For millennia human beings have used lethal ingestible substances to kill each other for political gain or financial gain. These are a few of the most morbid, theatrical, and historically famous poisonings in history. Please enjoy.
1. Alexander the Great
This poison’ee needs no introduction. Because even that lazy guy in high school who paid someone to take their world history class knows precisely or has at least heard of Alexander the Great. However, they might not be aware that an unknown killer allegedly poisoned the 32-year-old conquerer in 323 BCE.
Historians who believe there was foul play in Alexander’s death are not a common occurrence, with most disagreeing on the type of poison and even more disagree on whether or not there was any poisoning at all.
In fact, most scholars blame Alexander’s untimely death on diseases such as Typhus or Malaria. Since the records describing Alexander’s death were written years later and marred by suspicious motives, most scholars are left wondering how he truly died.
However, if Alexander was indeed poisoned, most scientists believe the culprit was probably one of the conquerer’s generals who slipped in a plant called hellebore into his drink. This substance causes the symptoms Alexander was reported to have leading up to his death. Such as fever, abdominal pain, and neuromuscular deterioration.
However, those reports, like the entire case that Alexander was poisoned, should be taken with a microscopically small grain of salt. However, the poisoning sounds much more fun than a disease.
2. John VIII
This poisoning is a bit of an early middle-ages conundrum because Pope John VIII was poisoned, yes, but didn’t die from the injection of lethal chemicals.
No, John VIII was murdered with a hammer. His assassin, who reportedly poisoned John VIII’s drink but grew impatient with the Pope not dying quickly enough, and bashed his head with a hammer to speed up the process, thus creating one of the most obsolete and completely unnecessary poisonings in all of history.
Patience is truly a virtue.
3. Emperor Augustus
Almost all ancient deaths are rather mysterious given the significant time that’s past between now and early human civilization, allowing potentially helpful information to fade away through time. 2,000 years ago, there was such a death that continues to be shrouded in mystery—the demise of Emperor Augustus.
Historians are still not fully decided on the actual cause of Augustus’s death, but some like to stipulate that his wife killed him with a poisoned fig. However, even in the story, the intent was not malicious.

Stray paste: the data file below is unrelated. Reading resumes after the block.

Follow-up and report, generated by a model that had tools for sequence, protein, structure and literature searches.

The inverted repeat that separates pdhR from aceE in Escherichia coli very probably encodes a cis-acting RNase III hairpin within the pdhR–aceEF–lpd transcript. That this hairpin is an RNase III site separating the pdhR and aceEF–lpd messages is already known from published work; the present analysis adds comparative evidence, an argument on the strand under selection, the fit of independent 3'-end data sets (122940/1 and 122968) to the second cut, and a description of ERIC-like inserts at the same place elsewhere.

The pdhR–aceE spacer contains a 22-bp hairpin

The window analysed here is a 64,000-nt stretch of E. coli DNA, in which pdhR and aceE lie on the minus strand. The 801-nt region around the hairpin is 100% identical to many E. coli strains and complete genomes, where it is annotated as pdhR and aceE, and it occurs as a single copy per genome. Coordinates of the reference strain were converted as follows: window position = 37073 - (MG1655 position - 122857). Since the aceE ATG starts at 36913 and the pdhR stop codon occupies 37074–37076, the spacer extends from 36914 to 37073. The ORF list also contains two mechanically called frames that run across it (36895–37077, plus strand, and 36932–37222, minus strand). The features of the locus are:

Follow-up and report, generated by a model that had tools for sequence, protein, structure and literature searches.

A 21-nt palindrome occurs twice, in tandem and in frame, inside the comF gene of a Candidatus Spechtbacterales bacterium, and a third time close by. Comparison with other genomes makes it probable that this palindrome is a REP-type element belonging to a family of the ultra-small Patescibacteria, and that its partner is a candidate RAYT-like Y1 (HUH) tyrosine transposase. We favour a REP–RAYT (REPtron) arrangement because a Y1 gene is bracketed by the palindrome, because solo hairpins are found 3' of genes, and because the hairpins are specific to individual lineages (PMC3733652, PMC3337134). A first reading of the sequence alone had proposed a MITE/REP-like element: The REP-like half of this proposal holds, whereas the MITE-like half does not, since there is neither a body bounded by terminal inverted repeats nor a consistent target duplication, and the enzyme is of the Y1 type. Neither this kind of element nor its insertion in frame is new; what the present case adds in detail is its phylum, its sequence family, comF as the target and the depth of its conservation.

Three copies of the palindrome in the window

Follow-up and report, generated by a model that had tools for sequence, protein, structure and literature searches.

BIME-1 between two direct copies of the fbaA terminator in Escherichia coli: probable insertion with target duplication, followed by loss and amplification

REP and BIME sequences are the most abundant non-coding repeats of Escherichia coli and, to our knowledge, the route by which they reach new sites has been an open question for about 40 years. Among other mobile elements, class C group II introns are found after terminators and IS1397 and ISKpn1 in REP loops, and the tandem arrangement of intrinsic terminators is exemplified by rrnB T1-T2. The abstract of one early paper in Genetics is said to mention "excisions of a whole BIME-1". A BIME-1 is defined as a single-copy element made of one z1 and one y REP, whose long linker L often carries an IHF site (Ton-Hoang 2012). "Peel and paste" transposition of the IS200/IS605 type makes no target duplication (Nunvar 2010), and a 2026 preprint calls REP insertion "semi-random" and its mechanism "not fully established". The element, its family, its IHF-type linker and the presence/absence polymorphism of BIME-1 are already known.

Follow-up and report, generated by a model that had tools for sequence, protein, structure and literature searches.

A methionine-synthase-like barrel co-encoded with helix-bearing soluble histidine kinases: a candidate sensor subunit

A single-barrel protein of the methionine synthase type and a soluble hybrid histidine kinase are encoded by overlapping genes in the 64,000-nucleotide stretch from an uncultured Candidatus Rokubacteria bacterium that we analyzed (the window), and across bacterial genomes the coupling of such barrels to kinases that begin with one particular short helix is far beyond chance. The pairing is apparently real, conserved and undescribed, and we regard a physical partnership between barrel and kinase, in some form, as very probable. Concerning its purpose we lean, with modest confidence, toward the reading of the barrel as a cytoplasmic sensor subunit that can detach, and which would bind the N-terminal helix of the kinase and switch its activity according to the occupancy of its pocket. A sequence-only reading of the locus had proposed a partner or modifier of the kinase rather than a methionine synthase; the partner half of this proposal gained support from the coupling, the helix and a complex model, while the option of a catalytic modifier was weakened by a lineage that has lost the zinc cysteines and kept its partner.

According to the story, Augustus was already in terrible health and wanted a smooth death and transition of power, so he decided to kill himself to help things move along (how nice of him). Although the morbid procedure probably wasn’t actually carried out by his wife, the death by suicide is a possibility scholars entertain.
4. Maria Swanenburg
Let’s flip the script and change perspectives—time to focus on a poisoner’s story instead of a poison-ee.
Maria Swanenburg was a Dutch woman who enjoyed the strange but very passionate hobby of poisoning people with arsenic to claim their insurance money. Her hobby led to at least 27 confirmed deaths against 90 arsenic poisoning victims, with some estimations going as high as 108 victims, including close relationships such as her own mother.
The deaths, according to authorities, the poisonings were carried out from the years of 1880 to 1883, when Maria’s murder spree was cut short due to her being caught trying to poison an entire family.
After authorities discovered the grand scope of Maria’s crimes, they sentenced her to life in a correctional facility where she lived out the rest of her days until death took her in 1915.
Today Maria is classified as a serial killer and one of the most deadly poisoners in history.
5. Ptolemy XIV
Many people don’t know that Cleopatra was Greek and not of Egyptian birth.
They also don’t know that she poisoned her brother/husband/king to allow her love child with Caesar to become the next ruler in the Ptolemaic dynasty (a royal line stemming from one of Alexander the Great’s Macedonian generals who ruled Egypt until Octavian took over the territory from Cleopatra and Mark Antony in 31 BCE).
Just like any other family, right?
Stephanie Pappas (January 15, 2014). New Theory: Alexander the Great Poisoned by Flowering Herb?. Retrieved from https://www.livescience.com/42596-alexander-the-great-poison-theory.html
(March 31, 2021). Pope John VIII. Retrieved from https://en.wikipedia.org/wiki/Pope_John_VIII
Donna Hurley (April 26, 2004). Livia (Wife of Augustus). Retrieved from https://www.roman-emperors.org/livia.htm
(April 12, 2021).Maria Swanenburg. Retrieved from https://en.wikipedia.org/wiki/Maria_Swanenburg
Thayer Watkins. The Timeline of the Life of Cleopatra. Retrieved from https://www.sjsu.edu/faculty/watkins/cleopatra.htm